12.25pm - 12.55pm
1.00pm – 2.30pm
This programme will be updated in due course
1. Weaving Pasifika cultures in a English-medium kindergarten
This workshop will show you how Pasifika cultures are woven throughout in the programme at Kisdfirst Kindergarten Hornby.
Aiga will highlight some experiences the kaiako and tamariki have been involved in;
- A Samoan umu in our Kindy.
- Celebrating Samoan Language Week in our Kindy and also with another Center.
- Joining into the Fiafia Night with Primary Schools in the Hornby Community.
She will also ‘take you to’ some Pre Schoosl in Samoa and discuss the differences of Kindergarten life. During the session you will get the opportunity to taste some Samoan food.
2. Haere mai ki waho!
Donna McPherson from Tī Kōuka
Haere mai ki waho- come outside you all is a kaupapa that connects tamariki and whānau with the uiqueness of Aotearoa and each other.
The kaupapa is the waiata. The waiata is the kaupapa. Haere mai ki waho- come outside, Haere mai ki ako ako- Come outside to learn, Haere mai ki tākaro- Come outside to play, Haere mai ki aotūroa- Come outside to explore, Awhi mai awhi atu- connections.
This workshop will describe how I weave this kaupapa through my diverse roles including being an Early Childhood Kaiako at an All-day Kindergarten, founder of Haere Mai Ki Waho a nature playgroup and providing support for Kaiako in other Centres in session using the kaupapa of Haere Mai Ki Waho.
3. Exhibit title: ‘The Time is Now’
Kidsfirst Redwood: This exhibit illustrates a journey toward culturally responsive pedagogy which demonstrates our team’s commitment as partners to te Tiriti. Our trip to Waitangi provoked us to reflect upon inclusion, equity, and authentic biculturalism, and how we, as practitioners, can empower ourselves and each other to challenge current beliefs and understandings.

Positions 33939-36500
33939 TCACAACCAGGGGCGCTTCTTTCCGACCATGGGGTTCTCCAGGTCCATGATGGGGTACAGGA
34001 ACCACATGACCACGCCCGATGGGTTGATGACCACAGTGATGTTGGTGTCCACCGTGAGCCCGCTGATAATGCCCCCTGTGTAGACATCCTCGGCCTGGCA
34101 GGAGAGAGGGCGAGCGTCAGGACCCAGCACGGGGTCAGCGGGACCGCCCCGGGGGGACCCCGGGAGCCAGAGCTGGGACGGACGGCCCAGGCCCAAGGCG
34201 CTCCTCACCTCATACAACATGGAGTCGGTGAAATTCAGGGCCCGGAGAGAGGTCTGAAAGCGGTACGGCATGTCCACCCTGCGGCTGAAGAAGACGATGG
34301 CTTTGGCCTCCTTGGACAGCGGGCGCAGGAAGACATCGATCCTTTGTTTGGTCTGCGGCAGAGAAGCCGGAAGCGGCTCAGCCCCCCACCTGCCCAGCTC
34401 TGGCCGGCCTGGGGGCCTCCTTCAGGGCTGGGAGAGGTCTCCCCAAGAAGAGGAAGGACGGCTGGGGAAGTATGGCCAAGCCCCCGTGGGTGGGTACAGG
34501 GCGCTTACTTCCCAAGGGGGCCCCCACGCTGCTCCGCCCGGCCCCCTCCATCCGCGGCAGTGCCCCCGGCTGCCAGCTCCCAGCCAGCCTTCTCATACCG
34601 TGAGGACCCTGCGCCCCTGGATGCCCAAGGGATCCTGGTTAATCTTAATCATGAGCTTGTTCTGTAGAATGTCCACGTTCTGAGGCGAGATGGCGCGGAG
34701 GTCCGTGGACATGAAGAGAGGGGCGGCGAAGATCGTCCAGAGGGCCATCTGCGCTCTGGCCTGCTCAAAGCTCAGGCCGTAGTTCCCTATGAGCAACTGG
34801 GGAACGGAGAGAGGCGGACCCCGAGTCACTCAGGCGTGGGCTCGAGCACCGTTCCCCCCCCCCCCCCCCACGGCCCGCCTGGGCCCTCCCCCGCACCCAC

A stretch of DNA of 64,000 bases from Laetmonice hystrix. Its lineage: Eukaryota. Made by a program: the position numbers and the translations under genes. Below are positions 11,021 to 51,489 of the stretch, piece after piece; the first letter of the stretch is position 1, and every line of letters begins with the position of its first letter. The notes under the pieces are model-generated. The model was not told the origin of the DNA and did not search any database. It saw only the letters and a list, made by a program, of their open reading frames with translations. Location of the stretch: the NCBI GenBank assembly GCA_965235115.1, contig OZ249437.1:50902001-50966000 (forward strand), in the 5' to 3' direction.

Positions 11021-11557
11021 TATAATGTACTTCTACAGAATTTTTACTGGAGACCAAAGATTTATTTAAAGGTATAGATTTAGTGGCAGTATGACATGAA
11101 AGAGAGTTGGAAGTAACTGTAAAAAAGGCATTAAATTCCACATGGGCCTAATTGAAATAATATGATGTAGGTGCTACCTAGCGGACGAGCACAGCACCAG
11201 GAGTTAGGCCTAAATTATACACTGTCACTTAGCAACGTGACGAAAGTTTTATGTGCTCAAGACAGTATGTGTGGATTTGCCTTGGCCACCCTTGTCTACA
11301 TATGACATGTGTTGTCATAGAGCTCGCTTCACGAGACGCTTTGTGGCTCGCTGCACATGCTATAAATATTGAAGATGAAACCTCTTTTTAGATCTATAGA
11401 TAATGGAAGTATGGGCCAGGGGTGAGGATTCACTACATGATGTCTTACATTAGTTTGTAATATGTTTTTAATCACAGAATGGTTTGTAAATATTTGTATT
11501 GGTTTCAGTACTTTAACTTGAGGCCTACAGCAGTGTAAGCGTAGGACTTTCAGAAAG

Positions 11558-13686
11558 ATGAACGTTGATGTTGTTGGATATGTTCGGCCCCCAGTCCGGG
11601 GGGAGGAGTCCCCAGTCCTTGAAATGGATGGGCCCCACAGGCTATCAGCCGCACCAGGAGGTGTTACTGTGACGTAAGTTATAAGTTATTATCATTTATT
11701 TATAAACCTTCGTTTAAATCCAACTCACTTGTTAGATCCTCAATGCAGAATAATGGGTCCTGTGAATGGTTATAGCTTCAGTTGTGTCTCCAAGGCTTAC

Haere taka mua, taka muri; kaua e whai! Be a leader, not a follower!
Previous years - The 8th Gathering
The Gathering 2016 - Early Years Enquiry. Thinking Responsively: Doing Differently
The key note presenters were Keryn Davis, Ruta McKenzie and Munira Sugarwala, titled; Coconuts and cultural competence: Children’s working theories about identity, language and culture. Their keynote addressed their work emerging from a Teaching and Learning Research Initiative (TLRI) project called Nurturing and encouraging young children’s identity, language and culture in the early years. The project explores children’s working theories about their own identity, language and culture and those of others, and builds on a previous Canterbury based TLRI project about working theories undertaken in 2009-10. The project utilises an innovative, collaborative ‘sister centre’ research partnership and is sited in two early childhood centres in east Christchurch: one Samoan Immersion (Mapusaga Aoga Amata) and one English-medium (North Beach Community Childcare Centre).
This address included some of the working theories of children (and the project team) from case studies and mini-projects that have developed over the first 18-months of this two year project. The session included examples of children’s growing cultural competence over time; what the team is learning from children’s working theories about identity, language and culture in action (including important lessons about opening coconuts); and working cross-culturally.
Feedback from the day:
- “The need to find ways to include Pasifika culture in our centre. Unpack the Education Plan with team at the centre”
- “I really enjoy exploring other cultures. E.g. Samoan…”
- “Pasifika plan and being culturally responsive, meeting new teachers and discussing the dynamics of teaching”
- “It was very informative and provoking and challenging to hear the journeys that people have taken to gain understandings”
- “Collegial discussion/catch-up wallowing is good, uncertainty is good”